Al Barakah seeks time to repay investors

The chief executive of a property development firm suspected of cheque fraud has asked for time to repay investors.

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The chief executive of a property development firm suspected of cheque fraud has written an e-mail distributed to investors asking for time to repay them after failing to deliver on promised 50 per cent returns on deals for buying apartments. Imran Khan, the chief executive of Al Barakah Investments, persuaded more than 100 investors to make downpayments on units in more than a dozen proposed buildings in Dubai and Ajman. He signed memorandums of understanding (MOUs) promising guaranteed buy-backs with 50 per cent profit after six months and issued post-dated cheques to back up his promises.

Mr Khan, who holds dual Pakistani and Canadian citizenship, is being sought by Dubai police, who suspect him of failing to honour cheques worth Dh14 million (US$3.8m). Investors have formed a committee to find a solution with Mr Khan, but in an e-mail sent on Tuesday he said he could not offer any workable business plan immediately. "I am out of touch with the outside world and the real estate market in Dubai for more than a month now," Mr Khan wrote in the e-mail, a copy of which was obtained by The National. "Due to the above, I am not in a position to make a realistic forecast of the future."

The e-mail was addressed to Mr Khan's accountant and passed on to investors. Al Barakah issued a statement to the media yesterday acknowledging its "inability to honour certain commitments made by us to our investors". Investors have been flocking to Inside Track, the Dubai-based marketing agency of Al Barakah, in the hope of getting settlement on their MOUs signed with Mr Khan. Mr Khan blamed the slowdown in the property market for his financial problems.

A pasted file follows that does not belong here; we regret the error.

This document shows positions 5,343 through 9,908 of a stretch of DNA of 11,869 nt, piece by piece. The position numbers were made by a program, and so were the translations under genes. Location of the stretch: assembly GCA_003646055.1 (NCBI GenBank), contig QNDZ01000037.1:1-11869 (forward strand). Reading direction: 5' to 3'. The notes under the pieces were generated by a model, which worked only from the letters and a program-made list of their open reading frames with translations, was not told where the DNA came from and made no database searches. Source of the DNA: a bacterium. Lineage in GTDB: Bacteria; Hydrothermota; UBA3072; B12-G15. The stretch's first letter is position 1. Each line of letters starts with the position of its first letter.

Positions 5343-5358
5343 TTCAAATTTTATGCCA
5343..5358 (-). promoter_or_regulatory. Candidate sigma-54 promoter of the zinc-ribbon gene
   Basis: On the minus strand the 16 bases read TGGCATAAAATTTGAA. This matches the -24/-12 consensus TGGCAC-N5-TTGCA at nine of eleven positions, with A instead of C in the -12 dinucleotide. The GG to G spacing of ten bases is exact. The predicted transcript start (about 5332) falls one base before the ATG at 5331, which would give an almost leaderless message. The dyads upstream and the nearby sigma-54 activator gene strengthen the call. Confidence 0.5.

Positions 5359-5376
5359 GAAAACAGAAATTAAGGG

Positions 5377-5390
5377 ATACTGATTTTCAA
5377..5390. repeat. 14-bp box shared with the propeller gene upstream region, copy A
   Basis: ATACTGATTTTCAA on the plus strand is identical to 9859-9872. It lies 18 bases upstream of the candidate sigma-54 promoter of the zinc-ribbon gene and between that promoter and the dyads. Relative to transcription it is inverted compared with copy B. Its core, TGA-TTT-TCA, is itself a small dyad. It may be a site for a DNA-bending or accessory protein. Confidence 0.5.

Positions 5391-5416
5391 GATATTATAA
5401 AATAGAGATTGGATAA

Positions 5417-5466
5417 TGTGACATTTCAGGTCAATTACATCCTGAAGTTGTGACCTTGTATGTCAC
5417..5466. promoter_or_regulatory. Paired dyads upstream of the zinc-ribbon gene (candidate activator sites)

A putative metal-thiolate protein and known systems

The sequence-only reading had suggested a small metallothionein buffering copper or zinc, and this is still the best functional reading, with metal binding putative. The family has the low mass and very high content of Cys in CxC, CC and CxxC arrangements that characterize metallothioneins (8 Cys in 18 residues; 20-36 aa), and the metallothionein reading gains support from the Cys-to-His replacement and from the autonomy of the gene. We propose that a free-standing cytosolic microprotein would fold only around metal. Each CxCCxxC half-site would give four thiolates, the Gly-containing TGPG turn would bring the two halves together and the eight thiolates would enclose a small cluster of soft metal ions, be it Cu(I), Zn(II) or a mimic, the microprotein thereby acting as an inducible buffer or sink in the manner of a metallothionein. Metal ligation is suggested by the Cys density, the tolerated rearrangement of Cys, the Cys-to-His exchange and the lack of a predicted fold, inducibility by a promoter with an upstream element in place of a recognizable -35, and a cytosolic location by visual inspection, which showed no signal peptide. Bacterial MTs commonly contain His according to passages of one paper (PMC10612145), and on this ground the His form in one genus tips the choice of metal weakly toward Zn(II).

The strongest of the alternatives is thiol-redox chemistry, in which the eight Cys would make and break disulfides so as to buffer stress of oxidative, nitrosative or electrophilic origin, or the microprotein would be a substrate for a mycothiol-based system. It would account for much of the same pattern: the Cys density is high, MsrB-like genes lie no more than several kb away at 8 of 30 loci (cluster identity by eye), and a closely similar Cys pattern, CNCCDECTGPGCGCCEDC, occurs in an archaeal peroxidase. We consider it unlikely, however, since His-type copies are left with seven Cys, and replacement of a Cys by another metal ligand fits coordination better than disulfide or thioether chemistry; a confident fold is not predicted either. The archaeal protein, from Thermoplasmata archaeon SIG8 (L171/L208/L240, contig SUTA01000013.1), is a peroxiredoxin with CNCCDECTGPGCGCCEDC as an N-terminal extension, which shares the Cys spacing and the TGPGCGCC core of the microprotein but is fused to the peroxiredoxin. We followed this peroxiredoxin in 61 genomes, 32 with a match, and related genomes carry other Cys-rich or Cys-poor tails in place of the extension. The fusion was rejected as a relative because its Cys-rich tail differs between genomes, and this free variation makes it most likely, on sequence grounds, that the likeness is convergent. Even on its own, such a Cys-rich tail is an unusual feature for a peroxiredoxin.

"I deeply regret that we are in this unfortunate situation. I never expected the real estate market to come to such a standstill," he wrote. Earlier this year, Al Barakah Investments announced plans to develop projects worth Dh3 billion in three years. Now the status of its 15 projects in Dubai and Ajman is unclear. Al Barakah is registered as an offshore entity with the Ras al Khaimah Free Trade Zone.

One investor estimated that Mr Khan had banked about Dh300m in downpayments before the buyback scheme collapsed. In his e-mail, Mr Khan said the money had been used for the business and that the only way to resolve the situation was either to "get some additional funding to start construction or to make sales a going concern". "Liquidation or a fire sale of the land will not release enough money to satisfy all the MOU investors," he wrote.

Property analysts say that his scheme was bound to collapse because the returns he promised on the deals were untenable. But the dramatic slowdown in property sales and the fall in prices in the past two months have brought things to a head. Mr Khan said he would need "at least a year" to devise a business plan and "repay everyone". "I want to assure everyone that I am committed to finding a solution in this difficult time and to make sure everyone gets back their money," he wrote, adding that he was an "honourable man".

"My intentions are very pure. If I wanted to leave the country I would have gone a long time ago." One of the agents at Inside Track said Mr Khan had paid out the promised returns to some investors before the downturn hit. "People are actually forgetting the fact that there was a point where Imran was fulfilling his commitment. He was doing 50 per cent or more, depending on the market rate, when the market was good and people were happy and accepted it. Now when it rains everybody gets wet," said the agent. "I personally never believed in the buybacks. And I have not got paid for a month."

An officer at the Rashidia police station in Dubai who is dealing with Mr Khan's bounced cheques said Mr Khan was still being sought for questioning. The company appointed a spokesman, Tariq Minhaj, to deal with queries yesterday. He said the company intended to pay investors back gradually as the market improved or offer them a stake in Al Barakah or the opportunity to buy more property at a discounted price. "We will refund people gradually as soon as we get liquid. Right now everything is blocked," Mr Minhaj said.